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Arizona DUI FAQ
DUI Defense Lawyer FAQ in Tempe Arizona
Call a Tempe DUI Defense Attorney



What's a BAC and why is it important?

Your BAC (Blood Alcohol Content) is evidence of how impaired you were at the time you were driving (or in "actual physical control" of the vehicle). Even if your BAC is less than 0.08, you can still receive a DUI if the police officer believes you are impaired to the slightest degree. If your BAC is 0.08-0.14 within two hours of driving, you will be charged with a DUI. If your BAC is greater than 0.15 within two hours of driving, you will probably be charged with extreme DUI which, if you are convicted, results in more severe penalties. If your BAC is 0.20 or higher, you will probably be charged with super-extreme DUI and you will face even harsher penalties.
Our experienced DUI Defense Attorneys in Phoenix will help confirm whether the BAC equipment used was properly calibrated and whether the officer giving the BAC test was adequately trained. All of these factors have an impact on the outcome of your case.

What does "actual physical control of a motor vehicle" mean?
The State can charge you with DUI if you are sitting in the driver's seat and the car is running, whether or not it is moving. If you are able to reach the steering wheel and control the pedals, you will probably be charged with "actual physical control." Whether you were in actual physical control is a question of fact best answered by an Attorney.

What do police officers look for when searching for drunk drivers on the highways?
Many DUI arrests occur at night and on week-ends. Below is a list of driving observations the police use to indicate that the person is driving while intoxicated.
1.    Making a wide turn
2.    Straddling center of lane marker
3.    Causing am accident or almost striking an object or vehicle
4.    Weaving or swerving
5.    Speeding or driving too slowly
6.    Stopping without cause in traffic lane
7.    Following too closely
8.    Drifting
9.    Braking erratically
10.    Driving into traffic
11.    Signaling inconsistent with driving actions
12.    Slow response to traffic signals
13.    Turning abruptly or illegally
14.    Accelerating or decelerating rapidly
15.    Headlights off at knight

Do I have to answer any questions when I'm stopped?
You are not required to answer any questions. You always have the option to request the advice of a DUI Attorney and remain silent; but if you have already answered any questions, your answers can be used by the prosecution, as well as by your DUI lawyer in Tempe.



What questions can an officer ask me when I'm stopped?
You may be asked:
The current status of your driver's license
Whether you are ill or hurt
Whether you have taken any medication within the last 24 hours
When and where you last ate
How much sleep you have had
How long you were driving before being stopped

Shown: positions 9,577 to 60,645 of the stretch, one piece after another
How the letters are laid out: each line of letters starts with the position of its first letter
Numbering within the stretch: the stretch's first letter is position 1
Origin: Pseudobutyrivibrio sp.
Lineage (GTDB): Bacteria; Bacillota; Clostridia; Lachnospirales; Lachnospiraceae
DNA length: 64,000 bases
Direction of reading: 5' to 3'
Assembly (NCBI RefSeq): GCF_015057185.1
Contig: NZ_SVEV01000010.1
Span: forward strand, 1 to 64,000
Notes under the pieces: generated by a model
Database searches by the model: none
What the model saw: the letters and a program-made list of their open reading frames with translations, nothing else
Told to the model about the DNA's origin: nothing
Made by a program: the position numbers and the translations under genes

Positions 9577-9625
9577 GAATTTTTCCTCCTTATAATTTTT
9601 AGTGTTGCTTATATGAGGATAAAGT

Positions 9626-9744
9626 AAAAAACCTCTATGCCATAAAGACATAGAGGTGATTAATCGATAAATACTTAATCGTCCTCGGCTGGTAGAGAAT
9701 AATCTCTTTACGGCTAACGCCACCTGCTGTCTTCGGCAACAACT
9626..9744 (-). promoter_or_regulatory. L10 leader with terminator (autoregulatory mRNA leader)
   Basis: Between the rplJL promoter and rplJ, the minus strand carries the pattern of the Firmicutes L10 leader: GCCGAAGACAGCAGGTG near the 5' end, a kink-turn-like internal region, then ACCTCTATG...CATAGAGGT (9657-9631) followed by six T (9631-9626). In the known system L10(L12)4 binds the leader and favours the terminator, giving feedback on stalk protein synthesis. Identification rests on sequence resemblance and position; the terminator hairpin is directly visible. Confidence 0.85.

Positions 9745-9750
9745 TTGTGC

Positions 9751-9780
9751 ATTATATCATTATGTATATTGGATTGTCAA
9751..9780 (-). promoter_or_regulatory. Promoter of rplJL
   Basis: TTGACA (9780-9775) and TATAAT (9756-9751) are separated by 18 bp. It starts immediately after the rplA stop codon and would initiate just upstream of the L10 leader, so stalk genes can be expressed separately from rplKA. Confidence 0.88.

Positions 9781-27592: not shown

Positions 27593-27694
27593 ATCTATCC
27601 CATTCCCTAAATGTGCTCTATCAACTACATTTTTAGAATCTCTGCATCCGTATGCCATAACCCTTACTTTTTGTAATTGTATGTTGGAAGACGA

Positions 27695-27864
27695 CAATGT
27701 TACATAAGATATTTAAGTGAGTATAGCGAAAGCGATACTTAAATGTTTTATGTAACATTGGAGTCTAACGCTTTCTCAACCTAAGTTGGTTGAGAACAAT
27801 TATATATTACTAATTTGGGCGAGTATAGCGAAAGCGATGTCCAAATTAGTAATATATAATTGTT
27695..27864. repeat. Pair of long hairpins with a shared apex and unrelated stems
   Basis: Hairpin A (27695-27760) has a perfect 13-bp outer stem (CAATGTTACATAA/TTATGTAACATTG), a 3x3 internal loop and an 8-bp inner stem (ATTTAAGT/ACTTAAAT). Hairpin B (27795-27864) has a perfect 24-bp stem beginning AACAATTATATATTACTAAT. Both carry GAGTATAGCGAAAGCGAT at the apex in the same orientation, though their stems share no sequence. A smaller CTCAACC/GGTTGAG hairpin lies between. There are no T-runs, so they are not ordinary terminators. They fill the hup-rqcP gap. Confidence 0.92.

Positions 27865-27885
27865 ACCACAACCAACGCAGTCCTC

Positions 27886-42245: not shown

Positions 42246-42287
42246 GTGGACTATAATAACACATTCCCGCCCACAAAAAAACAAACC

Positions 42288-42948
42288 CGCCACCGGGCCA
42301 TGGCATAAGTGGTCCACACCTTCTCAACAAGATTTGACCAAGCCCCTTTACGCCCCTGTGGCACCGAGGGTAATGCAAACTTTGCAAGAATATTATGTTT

Where you were coming from and going to
What and how much you have had to drink, and when
Other questions about your drinking, and your estimate of your ability to drive

What is the police officer looking for during the initial detention at the scene?
Police officers are trained to observe and document the following "symptoms of intoxication" on the police report:
Flushed face
Bloodshot or watery eyes  
Odor of alcohol on breath
Slurred speech
Fumbling with wallet trying to get license
Failure to understand the police officer's questions
Staggering when exiting vehicle
Swaying/instability on feet
Leaning on car for support   
Stumbling while walking
Disorientation as to time and place
Inability to follow directions

What if I refused to give a blood, breath, or urine sample when I was stopped?
If you refused, you may be subject to additional penalties from the Department of Motor Vehicles. You should consult an Attorney to assist you in addressing and minimizing these additional consequences.
Your DUI lawyer in Tempe may engage an expert to review any information you have given to make a determination as to your actual blood alcohol content at the time you were operating the motor vehicle, which can result in a strong defense for your case.

What are FSTs and HGNs?
FSTs are Field Sobriety Tests. They include various coordination tests (standing on one foot and balancing, reciting the alphabet, walking and turning in a straight line). Horizontal Gaze Nistagmus (HGN) is a test requiring you to follow an object with your eyes from side to side without turning your head.

Can I be charged with DUI if the police officer stopped me but did not give me a citation other than the DUI charges?
Yes. Usually a DUI arrest arises out of a traffic violation (speeding, running a stop sign, illegal turns, or even a broken taillight), but officers can stop vehicles for other reasons. The Courts do require, however, that the officer have a "particular suspicion" that you were engaged in criminal activity. The police cannot stop you based on a hunch.

Can I be charged with DUI even if I'm on private property?
Yes, you can be charged with DUI whether you are on the highway, on a street, or on private property. All that is required is that you be in actual physical control of a motor vehicle while impaired.

If the officer didn't read me my rights, will my case be dismissed?
Even if the officer fails to read you your Miranda rights, the case will not be automatically dismissed. An Attorney may be able, however, to suppress any statements you made following your arrest.

If I intend to plead guilty, will I still need an Attorney?
An experienced DUI Defense Attorney may be able to help minimize your legal consequences, even if you decide to enter a guilty plea.



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